Classic DACB Collection

All articles created or submitted in the first twenty years of the project, from 1995 to 2015.

Makiwane, Elijah (A)

South Africa

Elijah Makiwane was the second black minister trained in South Africa to be ordained in the Presbyterian Church, the first being Pambani Mzimba. Unlike Mzimba, Makiwane remained in the Presbyterian Church for all of his working life, finding ways within the system to express his independence. He was never subservient and became one of the most valued Presbyterian ministers in the Kaffrarian Presbytery.

He was born in 1850 in Sheshegu, in the Eastern Cape. As a child he must have got to know Mzimba even before they went to Lovedale to study as Mzimba’s father was the teacher at Sheshegu. Makiwane’s parents became Christians some time after his birth.

Makiwane first attended school at Ncera under Joseph Mjila, a Wesleyan teacher, and then went on to Healdtown. He entered Lovedale in August 1865 and made rapid progress in his studies eventually becoming one of the top students (Stewart 1887, 163).

While still a student he was appointed an assistant teacher in the mission school, only two years after his arrival at Lovedale. He later taught the junior classes at the institution. At the same time he was busy with other activities. He became assistant editor of Isigidimi Sama-Xosa from its first publication in 1870 until 1875. In 1872 he was also in charge of the Lovedale telegraph office.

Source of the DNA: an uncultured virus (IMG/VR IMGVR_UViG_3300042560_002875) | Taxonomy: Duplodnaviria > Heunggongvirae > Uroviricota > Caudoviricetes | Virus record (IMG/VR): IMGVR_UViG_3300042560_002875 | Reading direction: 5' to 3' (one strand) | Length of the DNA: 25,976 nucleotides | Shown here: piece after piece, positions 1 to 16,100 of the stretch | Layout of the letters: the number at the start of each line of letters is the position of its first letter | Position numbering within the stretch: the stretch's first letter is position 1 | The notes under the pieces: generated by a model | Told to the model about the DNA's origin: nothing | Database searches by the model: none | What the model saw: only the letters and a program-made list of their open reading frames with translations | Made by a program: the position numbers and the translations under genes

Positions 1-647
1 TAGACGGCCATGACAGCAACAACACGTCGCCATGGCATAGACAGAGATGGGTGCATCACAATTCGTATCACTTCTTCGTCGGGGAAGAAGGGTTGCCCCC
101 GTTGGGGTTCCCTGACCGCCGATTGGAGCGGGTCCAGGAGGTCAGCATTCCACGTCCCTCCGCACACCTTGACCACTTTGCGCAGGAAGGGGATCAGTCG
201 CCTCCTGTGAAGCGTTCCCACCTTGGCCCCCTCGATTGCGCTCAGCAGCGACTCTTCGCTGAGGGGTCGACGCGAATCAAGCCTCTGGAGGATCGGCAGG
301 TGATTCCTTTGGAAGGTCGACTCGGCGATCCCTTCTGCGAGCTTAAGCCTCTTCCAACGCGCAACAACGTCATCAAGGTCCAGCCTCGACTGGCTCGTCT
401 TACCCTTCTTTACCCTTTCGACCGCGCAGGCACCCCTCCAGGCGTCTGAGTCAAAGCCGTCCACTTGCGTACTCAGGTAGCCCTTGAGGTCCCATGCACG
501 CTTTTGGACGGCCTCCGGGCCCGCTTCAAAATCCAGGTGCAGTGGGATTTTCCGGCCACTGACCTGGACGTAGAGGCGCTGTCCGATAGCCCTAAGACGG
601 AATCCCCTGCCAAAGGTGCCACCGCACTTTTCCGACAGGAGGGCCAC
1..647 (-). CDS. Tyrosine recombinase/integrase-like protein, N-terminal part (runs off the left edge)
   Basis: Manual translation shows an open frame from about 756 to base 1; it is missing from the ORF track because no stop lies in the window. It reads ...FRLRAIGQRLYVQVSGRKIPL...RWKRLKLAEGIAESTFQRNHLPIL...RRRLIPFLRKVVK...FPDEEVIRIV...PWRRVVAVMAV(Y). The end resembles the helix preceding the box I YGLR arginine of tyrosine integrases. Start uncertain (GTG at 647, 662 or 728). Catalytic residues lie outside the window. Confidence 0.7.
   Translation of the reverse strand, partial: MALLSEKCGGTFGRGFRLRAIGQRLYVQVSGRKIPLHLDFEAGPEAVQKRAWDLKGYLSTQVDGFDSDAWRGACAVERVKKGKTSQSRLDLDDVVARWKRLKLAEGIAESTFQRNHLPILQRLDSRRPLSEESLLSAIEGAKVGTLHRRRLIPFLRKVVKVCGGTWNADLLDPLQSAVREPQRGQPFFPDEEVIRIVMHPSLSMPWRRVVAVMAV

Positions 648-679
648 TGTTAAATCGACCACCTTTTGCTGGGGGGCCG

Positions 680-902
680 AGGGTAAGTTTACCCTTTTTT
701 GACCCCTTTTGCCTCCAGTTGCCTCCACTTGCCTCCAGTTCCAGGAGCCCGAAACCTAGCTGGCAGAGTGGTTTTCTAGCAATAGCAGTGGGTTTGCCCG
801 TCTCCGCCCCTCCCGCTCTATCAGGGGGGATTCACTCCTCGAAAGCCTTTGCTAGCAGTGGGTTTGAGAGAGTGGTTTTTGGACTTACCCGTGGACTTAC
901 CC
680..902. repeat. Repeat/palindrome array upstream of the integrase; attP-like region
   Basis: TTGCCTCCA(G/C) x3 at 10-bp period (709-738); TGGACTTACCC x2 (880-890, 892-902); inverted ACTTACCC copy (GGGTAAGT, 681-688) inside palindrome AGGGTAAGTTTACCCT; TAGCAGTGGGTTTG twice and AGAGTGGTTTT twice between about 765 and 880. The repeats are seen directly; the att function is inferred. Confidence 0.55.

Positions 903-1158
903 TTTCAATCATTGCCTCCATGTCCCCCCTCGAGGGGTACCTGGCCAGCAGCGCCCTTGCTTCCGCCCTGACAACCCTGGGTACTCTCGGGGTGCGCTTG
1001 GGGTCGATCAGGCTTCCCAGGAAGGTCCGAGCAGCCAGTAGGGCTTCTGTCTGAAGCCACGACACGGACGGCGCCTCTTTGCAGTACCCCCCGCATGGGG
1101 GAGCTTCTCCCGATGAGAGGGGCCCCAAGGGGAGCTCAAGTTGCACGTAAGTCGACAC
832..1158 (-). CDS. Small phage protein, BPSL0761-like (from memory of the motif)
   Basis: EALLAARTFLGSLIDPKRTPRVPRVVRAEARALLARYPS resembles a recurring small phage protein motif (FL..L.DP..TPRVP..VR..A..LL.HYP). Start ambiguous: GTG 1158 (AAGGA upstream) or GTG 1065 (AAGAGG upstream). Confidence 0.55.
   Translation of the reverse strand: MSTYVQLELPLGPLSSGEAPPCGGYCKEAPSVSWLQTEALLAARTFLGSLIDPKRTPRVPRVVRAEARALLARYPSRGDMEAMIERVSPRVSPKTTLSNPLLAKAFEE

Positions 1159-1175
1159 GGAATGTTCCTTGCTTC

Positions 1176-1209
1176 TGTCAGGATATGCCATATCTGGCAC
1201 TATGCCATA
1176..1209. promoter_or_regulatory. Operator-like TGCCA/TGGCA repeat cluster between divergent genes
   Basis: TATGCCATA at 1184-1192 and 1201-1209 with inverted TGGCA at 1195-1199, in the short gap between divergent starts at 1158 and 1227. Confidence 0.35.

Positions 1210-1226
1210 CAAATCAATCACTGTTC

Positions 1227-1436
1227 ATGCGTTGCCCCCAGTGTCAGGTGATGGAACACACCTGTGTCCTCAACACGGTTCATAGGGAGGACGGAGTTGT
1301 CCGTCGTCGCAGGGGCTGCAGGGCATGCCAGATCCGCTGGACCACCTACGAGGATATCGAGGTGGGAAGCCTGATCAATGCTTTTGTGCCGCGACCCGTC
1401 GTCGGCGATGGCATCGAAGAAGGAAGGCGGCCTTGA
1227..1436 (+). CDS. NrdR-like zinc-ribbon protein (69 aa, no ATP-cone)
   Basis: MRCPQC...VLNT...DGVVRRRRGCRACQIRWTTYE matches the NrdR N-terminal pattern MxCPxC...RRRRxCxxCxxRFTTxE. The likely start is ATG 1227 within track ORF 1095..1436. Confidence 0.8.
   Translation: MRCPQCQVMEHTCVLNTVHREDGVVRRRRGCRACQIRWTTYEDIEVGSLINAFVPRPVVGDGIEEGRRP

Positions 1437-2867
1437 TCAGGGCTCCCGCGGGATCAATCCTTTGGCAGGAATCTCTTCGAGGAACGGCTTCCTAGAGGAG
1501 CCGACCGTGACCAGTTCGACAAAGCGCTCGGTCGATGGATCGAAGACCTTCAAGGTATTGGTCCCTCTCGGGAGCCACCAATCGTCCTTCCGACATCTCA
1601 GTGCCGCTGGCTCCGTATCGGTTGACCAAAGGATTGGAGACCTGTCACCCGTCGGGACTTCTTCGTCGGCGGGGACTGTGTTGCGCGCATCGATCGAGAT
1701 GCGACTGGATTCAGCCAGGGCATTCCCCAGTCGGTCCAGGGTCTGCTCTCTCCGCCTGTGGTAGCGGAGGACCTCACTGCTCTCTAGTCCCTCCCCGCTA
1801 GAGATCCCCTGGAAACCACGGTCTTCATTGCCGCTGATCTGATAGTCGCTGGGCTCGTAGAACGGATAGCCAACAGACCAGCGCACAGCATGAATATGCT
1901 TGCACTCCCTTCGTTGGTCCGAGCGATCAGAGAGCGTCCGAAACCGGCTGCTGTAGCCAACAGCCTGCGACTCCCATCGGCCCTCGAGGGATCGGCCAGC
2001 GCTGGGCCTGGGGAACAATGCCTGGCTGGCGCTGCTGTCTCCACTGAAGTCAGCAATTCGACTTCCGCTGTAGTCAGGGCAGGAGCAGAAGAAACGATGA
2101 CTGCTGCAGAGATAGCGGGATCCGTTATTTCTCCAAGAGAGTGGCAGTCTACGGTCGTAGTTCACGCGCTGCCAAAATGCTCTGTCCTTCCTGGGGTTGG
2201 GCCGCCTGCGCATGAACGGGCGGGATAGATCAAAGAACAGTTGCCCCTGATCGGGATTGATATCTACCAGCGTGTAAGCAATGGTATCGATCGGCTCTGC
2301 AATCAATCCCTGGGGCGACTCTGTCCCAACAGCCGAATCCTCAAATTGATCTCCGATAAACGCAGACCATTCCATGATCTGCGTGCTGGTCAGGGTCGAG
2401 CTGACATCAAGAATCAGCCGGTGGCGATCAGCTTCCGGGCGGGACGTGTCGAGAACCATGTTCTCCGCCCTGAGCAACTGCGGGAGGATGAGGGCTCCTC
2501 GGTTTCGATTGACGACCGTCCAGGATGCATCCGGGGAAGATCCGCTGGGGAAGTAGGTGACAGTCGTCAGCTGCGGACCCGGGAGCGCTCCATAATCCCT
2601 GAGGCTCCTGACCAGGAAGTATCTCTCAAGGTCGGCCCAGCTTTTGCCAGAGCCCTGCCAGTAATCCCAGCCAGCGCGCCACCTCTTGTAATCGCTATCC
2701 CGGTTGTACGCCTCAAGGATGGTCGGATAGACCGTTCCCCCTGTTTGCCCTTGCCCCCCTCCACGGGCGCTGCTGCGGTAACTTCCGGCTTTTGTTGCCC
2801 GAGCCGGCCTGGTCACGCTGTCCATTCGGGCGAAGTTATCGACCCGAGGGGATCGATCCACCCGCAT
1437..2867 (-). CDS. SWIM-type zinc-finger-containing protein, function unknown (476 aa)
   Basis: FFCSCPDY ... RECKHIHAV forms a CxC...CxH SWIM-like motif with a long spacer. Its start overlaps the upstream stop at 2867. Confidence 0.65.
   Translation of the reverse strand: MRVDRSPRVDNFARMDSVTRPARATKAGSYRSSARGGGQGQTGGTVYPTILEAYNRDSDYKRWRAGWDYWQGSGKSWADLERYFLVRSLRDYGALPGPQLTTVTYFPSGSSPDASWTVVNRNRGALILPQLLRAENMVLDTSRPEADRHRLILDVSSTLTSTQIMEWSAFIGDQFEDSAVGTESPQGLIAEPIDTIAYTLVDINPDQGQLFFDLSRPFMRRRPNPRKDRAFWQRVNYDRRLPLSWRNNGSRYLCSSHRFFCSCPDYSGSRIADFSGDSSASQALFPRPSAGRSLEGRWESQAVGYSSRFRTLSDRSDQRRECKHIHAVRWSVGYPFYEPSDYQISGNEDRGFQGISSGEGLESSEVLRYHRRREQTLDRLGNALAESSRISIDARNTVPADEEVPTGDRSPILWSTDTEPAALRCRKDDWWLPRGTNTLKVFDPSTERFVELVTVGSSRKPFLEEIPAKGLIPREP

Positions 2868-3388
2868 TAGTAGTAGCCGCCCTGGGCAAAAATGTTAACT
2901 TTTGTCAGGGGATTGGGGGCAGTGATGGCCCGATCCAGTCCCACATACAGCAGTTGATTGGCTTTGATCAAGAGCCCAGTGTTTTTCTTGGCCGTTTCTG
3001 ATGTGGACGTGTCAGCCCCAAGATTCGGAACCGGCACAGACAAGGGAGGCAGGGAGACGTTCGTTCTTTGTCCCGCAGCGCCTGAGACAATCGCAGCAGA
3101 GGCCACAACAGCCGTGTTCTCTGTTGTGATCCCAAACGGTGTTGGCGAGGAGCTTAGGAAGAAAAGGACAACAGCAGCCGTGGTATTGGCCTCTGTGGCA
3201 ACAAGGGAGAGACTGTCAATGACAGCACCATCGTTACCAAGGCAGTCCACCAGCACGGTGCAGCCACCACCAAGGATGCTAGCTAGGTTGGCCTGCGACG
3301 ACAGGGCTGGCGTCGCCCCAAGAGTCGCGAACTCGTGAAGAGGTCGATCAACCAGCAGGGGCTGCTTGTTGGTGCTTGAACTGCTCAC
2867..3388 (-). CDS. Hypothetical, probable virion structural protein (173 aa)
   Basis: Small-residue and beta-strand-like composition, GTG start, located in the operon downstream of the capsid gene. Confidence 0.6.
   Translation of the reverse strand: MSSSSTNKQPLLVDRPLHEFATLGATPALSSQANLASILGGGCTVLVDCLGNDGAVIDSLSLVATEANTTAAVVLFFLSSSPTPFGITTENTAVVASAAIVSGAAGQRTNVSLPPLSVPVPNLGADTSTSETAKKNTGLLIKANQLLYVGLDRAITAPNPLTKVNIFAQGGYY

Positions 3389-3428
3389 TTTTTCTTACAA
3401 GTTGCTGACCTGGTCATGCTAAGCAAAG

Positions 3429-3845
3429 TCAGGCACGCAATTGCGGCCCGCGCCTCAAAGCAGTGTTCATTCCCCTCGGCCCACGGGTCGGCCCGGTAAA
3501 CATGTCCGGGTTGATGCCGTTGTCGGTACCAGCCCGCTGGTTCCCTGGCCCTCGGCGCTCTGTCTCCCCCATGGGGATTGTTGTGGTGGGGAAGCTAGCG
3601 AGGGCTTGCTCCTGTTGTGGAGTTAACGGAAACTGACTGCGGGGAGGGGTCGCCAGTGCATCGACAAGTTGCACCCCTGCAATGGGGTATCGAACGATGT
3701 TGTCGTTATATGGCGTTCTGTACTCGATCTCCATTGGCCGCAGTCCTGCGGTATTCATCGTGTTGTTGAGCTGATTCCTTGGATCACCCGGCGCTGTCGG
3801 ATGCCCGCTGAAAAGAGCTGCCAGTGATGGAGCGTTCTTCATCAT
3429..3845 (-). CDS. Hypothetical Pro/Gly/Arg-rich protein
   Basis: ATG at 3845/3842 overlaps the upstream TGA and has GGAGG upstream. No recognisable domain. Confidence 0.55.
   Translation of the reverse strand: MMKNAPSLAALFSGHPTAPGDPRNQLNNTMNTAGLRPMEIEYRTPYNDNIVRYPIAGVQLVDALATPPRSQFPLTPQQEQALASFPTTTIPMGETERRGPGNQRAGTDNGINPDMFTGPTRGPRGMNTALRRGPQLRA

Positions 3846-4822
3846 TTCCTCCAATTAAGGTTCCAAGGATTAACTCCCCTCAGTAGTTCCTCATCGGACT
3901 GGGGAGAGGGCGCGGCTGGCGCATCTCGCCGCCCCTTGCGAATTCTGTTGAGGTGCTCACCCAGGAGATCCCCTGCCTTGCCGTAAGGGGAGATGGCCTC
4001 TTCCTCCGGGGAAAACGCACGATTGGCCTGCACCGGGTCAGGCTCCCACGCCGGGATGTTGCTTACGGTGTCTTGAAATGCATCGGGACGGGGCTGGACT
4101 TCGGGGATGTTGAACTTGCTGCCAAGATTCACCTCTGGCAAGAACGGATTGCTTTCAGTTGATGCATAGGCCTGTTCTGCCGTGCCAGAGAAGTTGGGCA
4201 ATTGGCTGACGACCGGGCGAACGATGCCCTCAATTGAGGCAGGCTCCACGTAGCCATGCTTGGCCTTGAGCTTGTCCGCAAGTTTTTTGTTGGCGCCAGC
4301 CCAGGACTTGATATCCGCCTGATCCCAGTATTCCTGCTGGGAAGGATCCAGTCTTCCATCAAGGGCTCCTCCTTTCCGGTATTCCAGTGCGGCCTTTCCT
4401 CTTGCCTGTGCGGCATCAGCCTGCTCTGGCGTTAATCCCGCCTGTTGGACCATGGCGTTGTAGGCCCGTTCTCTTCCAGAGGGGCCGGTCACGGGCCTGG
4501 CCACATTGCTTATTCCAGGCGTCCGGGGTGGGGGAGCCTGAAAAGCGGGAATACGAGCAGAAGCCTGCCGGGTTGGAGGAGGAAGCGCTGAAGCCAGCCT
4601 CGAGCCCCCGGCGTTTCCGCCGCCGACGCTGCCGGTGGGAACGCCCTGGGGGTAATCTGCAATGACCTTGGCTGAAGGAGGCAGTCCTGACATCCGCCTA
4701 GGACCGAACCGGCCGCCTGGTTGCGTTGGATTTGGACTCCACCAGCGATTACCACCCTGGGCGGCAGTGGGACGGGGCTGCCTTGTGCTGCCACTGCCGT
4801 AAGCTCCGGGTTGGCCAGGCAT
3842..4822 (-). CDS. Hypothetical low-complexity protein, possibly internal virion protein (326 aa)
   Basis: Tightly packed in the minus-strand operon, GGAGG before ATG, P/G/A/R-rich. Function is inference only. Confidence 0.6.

The course for theological students at Lovedale did not differ much from courses taught in Scotland. Makiwane passed well and in 1875 was licensed as a minister by the Free Church of Scotland. For two years he taught first-year theological students at Lovedale and in 1877 he received a call to be the minister of MacFarlan Mission, not far from Lovedale. In August of that year he married Maggie Majiza, an ex-student of Lovedale Girls’ School. When she and Makiwane decided to get married, Dr. Waterston, matron of the girls’ hostel wrote:

When I see her face all alight with intelligence and feeling, I know what an amount of brain and natural refinement she has got. I cannot but feel pleased that Elijah with all his deep feeling and sensitiveness has got one so well able to understand and appreciate him as Maggie is (Waterston 1983, 27).

Their marriage did not last long because Maggie died in 1883 leaving him with three children. Her obituary reads: “Mrs. Makiwane put her whole heart into her work… to all she was the same cheerful and warm-hearted hostess, sending them (visitors) away with a very vivid idea of what a native minister’s wife could be’ (Stewart 1887, 443).

The work at MacFarlan Mission prospered, although Makiwane encountered many difficulties. In 1889 he was married again, to Miss Mtywaku of Peelton. Her name also appears to have been Maggie, as the letters that they wrote to the Mission Board in Scotland are signed ‘Maggie Makiwane’. These were the years that Makiwane strove to achieve equal working conditions for black and white ministers in the Presbyterian Church. His wife believed that mission work was a partnership. She encouraged him to write to the Missionary Society to ask for the Children’s Monthly, which was sent as a matter of course to the white missionaries. In 1892 he wrote: ‘I believe that MacFarlan is the only Free Church Mission in South Africa to which these publications are not sent.’